“New York City itself is competition,” says Bette Levy, the temple’s vice president of programming. “Besides having four temples in a four-block radius, we’re competing against Madison Square Garden, Shea Stadium and the theater.”
To make members feel part of a community, the temple created three separate social groups: one for people in their 20s and 30s, one for empty-nesters and a chevrat nashim, or women’s group, for elderly women living alone.
“Many of them had been founders of the congregation, and as their spouses and friends died there was a sense of isolation,” Levy says. “The rabbi changed, the board changed and they saw their opinions were less important to people. Like an old shoe, they felt pushed aside.”
Today the women in chevrat nashim have become a distinct, recognizable group within the congregation.
“The temple looks to them as honored elders,” Levy says. “They didn’t feel that way before.”
Temple Chaverim in Plainview, N.Y., placed an ad in the local paper showing two birds sitting on an empty nest, and invited parents who originally had joined the synagogue for their children’s sake to “belong for yourself” now that the kids are older.
The temple organized a wine-tasting trip for empty-nesters in September, and the adult education committee is planning a book club and a trip to Washington. These may not be new ideas, but temple administrator Kim Schweitzer says the focus on keeping older adults interested is working.
The synagogue has managed to retain half of its post-bar and bat mitzvah families this year, she says, adding that “we normally lose 75 percent or more.”
Two years ago, Community Synagogue in Rye, N.Y. created specific tracks for members at every stage of life, and with funding from a concerned congregant was able to hire a professional to run its senior program.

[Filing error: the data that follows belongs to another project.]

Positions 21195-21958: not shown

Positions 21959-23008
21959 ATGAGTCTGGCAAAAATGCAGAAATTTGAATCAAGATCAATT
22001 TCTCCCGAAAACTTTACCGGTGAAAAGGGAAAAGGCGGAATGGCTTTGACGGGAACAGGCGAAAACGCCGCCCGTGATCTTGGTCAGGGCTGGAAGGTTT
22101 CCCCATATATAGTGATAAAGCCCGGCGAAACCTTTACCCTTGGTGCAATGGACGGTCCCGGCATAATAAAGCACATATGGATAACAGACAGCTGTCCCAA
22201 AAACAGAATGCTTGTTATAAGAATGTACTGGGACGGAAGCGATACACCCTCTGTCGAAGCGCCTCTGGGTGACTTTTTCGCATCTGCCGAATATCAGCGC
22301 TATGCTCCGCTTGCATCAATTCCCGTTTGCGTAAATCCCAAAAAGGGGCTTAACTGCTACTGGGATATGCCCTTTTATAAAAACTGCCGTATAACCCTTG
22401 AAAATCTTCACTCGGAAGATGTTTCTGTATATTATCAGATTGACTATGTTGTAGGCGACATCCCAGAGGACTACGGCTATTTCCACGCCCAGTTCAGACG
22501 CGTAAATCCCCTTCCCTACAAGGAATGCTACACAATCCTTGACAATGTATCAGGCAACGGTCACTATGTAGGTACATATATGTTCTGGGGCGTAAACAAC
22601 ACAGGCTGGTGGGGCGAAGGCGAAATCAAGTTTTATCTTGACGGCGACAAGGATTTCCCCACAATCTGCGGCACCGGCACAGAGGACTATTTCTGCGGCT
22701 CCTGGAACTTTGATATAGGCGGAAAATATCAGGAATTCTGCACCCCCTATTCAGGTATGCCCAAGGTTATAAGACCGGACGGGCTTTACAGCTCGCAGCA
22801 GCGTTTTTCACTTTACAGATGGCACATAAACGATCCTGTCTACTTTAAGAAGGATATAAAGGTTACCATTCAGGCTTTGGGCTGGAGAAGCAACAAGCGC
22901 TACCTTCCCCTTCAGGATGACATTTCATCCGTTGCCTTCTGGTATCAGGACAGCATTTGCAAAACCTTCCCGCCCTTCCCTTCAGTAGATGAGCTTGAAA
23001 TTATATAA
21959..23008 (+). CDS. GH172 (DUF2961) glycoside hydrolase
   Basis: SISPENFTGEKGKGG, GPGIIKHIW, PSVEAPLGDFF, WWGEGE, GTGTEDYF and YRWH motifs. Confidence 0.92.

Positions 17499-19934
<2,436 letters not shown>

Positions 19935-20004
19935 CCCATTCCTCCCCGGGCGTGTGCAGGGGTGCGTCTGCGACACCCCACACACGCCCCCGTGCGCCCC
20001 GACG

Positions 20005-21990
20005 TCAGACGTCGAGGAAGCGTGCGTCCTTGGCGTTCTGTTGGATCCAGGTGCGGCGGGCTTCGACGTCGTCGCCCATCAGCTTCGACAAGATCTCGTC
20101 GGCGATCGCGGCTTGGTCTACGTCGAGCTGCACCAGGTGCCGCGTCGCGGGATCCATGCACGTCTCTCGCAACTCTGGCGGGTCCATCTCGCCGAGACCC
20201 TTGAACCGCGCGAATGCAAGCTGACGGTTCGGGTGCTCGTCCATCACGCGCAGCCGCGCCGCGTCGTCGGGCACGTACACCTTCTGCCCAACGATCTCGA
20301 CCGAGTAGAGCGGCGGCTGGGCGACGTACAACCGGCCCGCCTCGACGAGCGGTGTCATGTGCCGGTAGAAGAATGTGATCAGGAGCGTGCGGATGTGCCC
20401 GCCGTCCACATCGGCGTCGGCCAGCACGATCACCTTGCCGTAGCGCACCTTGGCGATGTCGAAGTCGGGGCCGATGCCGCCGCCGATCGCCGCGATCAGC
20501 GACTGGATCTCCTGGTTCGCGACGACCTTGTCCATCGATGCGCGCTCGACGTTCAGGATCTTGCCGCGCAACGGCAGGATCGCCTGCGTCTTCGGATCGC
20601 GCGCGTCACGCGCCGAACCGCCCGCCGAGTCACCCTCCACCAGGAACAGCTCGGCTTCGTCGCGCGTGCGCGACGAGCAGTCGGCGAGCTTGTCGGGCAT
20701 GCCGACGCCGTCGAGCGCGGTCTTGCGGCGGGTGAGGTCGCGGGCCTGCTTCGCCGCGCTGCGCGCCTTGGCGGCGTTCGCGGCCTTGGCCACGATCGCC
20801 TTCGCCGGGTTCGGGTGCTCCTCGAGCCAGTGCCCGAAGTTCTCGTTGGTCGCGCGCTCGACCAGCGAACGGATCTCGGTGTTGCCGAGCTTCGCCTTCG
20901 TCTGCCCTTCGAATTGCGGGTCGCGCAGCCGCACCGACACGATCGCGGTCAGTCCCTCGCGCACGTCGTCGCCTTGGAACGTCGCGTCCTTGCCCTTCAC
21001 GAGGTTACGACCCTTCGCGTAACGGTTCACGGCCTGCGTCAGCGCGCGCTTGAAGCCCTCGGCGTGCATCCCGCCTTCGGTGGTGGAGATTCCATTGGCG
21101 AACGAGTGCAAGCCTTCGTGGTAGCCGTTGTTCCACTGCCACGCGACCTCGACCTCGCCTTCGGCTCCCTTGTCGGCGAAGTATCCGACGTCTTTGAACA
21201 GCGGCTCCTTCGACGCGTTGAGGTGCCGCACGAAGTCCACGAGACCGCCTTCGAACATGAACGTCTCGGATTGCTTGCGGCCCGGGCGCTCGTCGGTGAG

The result, says Rabbi Daniel Groper, is that the synagogue building is busy throughout the week, with “adults coming into the building during the daytime, learning and socializing.”
Groper says many of his colleagues see the same need for intergenerational programming, but not all of them act on it. Finances are the main obstacle.
“The ones who do are usually the larger congregations,” he notes.
But it’s not just about programs, some rabbis say.
Rabbi Harry Danziger, president of the Central Conference of American Rabbis, the Reform movement’s rabbinic arm, says most of the 1,700 families in his Memphis congregation “stay cradle to grave.”
While that membership longevity “may be partly cultural, being in the South,” he believes it’s also due to a warm, familial atmosphere that is consciously cultivated by synagogue leadership.
Members’ important life moments are acknowledged and celebrated, Danziger says, “to make certain that we are a congregational family. We leave organizations, but we don’t leave family.”
Sometimes just bringing attention to the problem helps. Prosnit tried to organize a weekly discussion group for what he called the “after-car pool crowd” in his Bridgeport congregation, but it never got off the ground; members said they didn’t want it.
Still, Prosnit says that just bringing those people together to talk about their needs helped reintegrate them into synagogue life.
“The fact that we recognized the need and brought people together to talk about it is probably more important than whatever programs we might create,” he says.